So I watched a movie about a guy finding a human leg in a BBQ grill and I cried. Unexpected! The documentary (yes, it was a REAL leg!) Finders Keepersis hilarious, but it is also a distinctly modern folktale; one of addiction, family, celebrity, ego and the delicate bonds between people, and audiences, that all eventually fade one way or another.
In a small town in North Carolina, a series of unfortunate events leaves John Wood with one leg and an increasingly intense substance abuse problem. Dripping with guilt, he becomes ostracized from his family. In an effort to memorialize his losses he attempts to embalm his leg, a DIY project gone awry that he hazily abandons in a storage unit. Broken and broke, his possessions are eventually auctioned off and, one fateful day, local haggler Shannon Whisnant bids for Wood’s BBQ grill unaware of the gift inside.
Like Scrooge McDuck with dollar signs in his eyes, Whisnant sees this opportunity as his ticket to long awaited fame and fortune. With t-shirts, television and bravado he markets the limb as a carnivalesque wonder, eagerly seeking out an audience for his one legged show. When Wood catches wind of his leg’s new life he, naturally, wants it back. Their battle moves between legal action, TV cameras and more – a public display that puts into focus the motivations behind celebrity, as well as the responsibility of those behind the camera.
An inflated version of experiences and ballooning self awareness (a byproduct of image culture, social networking and reality TV) is a condition that Finders Keepers works to reveal through this outrageous and heartfelt tale. The story of these big-hearted oddballs is told with a muted respect by the documentarians (Bryan Carberry and J. Clay Tweel). Using honest, stripped down interviews with those involved in this fantastically true tale, largely the family members of those on the periphery of the action, the personal accounts behind the public observations are brought into the spotlight. The quiet, nuanced filmmaking exhibited by these filmmakers, set against the hollow bombast of reality TV, is a juxtaposition that exposes the shortcomings of all stories: Stories are an expression, not the truth. Who we are, who we pretend to be and who we want to be are all battling it out in our interior, and increasingly exterior, lives. The person with the camera can make us whoever they want us to be and these directors make sure we see the humans behind the headlines.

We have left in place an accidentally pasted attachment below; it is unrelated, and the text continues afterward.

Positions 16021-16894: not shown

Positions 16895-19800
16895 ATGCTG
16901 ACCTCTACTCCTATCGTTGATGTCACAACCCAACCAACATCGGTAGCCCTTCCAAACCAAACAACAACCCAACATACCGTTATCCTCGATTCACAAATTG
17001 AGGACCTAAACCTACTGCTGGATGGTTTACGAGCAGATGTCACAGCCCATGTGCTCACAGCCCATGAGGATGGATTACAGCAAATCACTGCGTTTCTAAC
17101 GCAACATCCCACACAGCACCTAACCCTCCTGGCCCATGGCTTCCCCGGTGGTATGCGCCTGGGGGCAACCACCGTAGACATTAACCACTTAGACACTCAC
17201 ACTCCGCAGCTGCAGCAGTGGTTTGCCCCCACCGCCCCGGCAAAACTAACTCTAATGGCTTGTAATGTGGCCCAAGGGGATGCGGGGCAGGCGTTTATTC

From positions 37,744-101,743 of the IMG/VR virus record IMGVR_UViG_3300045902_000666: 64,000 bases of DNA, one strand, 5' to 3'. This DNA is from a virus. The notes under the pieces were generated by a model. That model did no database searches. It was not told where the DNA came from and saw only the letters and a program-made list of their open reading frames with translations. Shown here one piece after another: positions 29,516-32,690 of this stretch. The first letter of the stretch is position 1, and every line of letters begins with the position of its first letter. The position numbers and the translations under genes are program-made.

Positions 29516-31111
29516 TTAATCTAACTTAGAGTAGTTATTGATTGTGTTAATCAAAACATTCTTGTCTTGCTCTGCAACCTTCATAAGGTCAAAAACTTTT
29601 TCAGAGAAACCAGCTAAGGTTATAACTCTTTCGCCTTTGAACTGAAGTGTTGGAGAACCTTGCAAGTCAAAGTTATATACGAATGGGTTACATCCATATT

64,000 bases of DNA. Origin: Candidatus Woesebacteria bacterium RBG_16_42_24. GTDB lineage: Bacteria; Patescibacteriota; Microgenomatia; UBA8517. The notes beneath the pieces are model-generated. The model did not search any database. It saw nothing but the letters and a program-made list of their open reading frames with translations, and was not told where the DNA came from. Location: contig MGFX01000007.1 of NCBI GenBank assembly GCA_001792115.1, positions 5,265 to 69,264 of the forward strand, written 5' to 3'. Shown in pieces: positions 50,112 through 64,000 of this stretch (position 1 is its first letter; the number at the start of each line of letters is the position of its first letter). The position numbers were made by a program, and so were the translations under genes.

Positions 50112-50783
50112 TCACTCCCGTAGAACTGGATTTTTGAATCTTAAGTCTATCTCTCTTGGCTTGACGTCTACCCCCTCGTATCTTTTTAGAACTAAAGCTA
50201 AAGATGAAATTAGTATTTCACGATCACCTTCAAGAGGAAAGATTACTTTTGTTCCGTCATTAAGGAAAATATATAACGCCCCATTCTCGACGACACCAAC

Finders Keepers takes on two very different modes of storytelling; it shows the mass media feeding frenzy of the flashbulb, and the humanity that can be found through trust and accessibility in the shadow of the limelight. The characters – from TV personality Judge Mathis, to one legged John Wood – crave acceptance and attention, finding power in the eyes of others. Yet directors Carberry and Tweel balance this desire to show the real motivation that lies below the surface, the need for connection and love. Responsible, humanistic storytelling feels like a rarity and is what sets Finders Keepers apart from so many other expressions of real life around us. As an audience member you leave this film feeling like you know these characters on a deeper level, a precarious notion being that the film is, in actuality, just another version of someone else’s story. By creating a space of empathetic awareness, this film becomes a touching must-see…and is also the reason you might want to bring tissues when you do.
– Donna K. (@TeamDonnaK)